Incidentally, what would you think if I told you that I am working on a pirate tale with Smokey and the Bandit and Appaloosa as my working high concept? Things that make you go hmmm…

Tell them about your unique characters. What makes them different from everyone else’s John, Dick and Harry? Is your heroine not rich, not skinny, or not beautiful? Is your hero not a duke, CIA agent, or werewolf? Even if they are, maybe it’s their relationship that makes them unique. Hey – you got your peanut butter in my chocolate. No. You got your chocolate in my peanut butter! Bottom line, why do these characters stand out?

Unique plot. Again, what makes your story different from the rest?

Tell the agent/editor about the internal or external conflict. The conflict cannot be something that is easily resolved or a simple misunderstanding. The agent/editor reserves the right to smack you upside the head for such a heinous crime.

You know what? They also want some of that awesome storytelling. It’s all in the voice. No throat exercises, please.

It doesn’t end there, folks. During a pitch, the agents/editors are also uncovering bits of info about you.

It’s important for you to know where you are at in your career and where you are headed. Do you know enough about the industry? Do you treat your writing with professional regard and not like some passing bucket list fancy? Are you a team player or stubborn, not willing to take advice.  As an author, are you ready to make the move into revisions, deadlines, new material? The agent/editor does not have a crystal ball but they may be able to spot an author’s potential.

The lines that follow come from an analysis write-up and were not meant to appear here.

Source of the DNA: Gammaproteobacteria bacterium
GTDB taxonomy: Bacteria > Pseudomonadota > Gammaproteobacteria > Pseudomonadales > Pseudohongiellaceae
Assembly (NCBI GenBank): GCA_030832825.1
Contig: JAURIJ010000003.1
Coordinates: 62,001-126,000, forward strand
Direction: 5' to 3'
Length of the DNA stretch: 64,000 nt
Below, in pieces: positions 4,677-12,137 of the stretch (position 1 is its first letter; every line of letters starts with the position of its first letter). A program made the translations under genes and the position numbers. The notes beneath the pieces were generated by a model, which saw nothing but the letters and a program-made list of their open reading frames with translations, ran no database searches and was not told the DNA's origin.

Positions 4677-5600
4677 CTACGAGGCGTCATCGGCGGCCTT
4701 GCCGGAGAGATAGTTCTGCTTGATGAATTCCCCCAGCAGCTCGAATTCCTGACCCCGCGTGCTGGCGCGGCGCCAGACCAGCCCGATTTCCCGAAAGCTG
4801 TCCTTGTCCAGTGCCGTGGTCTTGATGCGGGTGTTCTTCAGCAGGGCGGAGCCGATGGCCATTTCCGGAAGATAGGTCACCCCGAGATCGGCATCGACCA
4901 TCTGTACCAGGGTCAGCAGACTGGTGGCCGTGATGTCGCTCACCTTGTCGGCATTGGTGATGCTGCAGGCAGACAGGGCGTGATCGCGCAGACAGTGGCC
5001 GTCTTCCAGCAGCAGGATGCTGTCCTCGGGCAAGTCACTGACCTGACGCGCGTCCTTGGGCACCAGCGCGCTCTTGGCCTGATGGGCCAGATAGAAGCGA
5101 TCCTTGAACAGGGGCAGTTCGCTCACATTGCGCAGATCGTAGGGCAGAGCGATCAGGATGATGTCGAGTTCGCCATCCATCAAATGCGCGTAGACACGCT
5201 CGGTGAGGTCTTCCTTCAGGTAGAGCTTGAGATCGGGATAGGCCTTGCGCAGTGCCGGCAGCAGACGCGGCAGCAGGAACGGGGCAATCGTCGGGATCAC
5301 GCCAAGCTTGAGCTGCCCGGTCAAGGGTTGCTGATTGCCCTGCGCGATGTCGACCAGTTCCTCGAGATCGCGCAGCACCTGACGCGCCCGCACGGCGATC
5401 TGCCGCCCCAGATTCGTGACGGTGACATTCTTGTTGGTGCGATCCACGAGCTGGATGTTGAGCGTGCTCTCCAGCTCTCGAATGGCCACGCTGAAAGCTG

Here is another gem from Scott. There is always a do-over. If the agent/editor declines to see more from you, don’t turn in your badge and gun yet.  A no doesn’t mean a no for life. Just on the particular story you pitched.

Now you are armed and ready. Go forth, my writing friends, go forth and pitch. Best of luck to you all.

See you in Orlando!

13 Responses to Pitching: What they want to hear

  1. kerry622 says:

    Thank you for blogging so much great information, so many of my friends ask me what agents/ editors are looking for since I just signed my first book. My answer is usually “Uhh…?” Now I realized (a bit ego bruising here) I got lucky! Will definitely tell them about your blog! Thanks so much keep up the good work!

    Like

    • jbrayweber says:

      Hi Kerry!
      There is so much luck involved in this industry. Many times it boils down to being in the right place and the right time, and usually right when the planets align. 🙂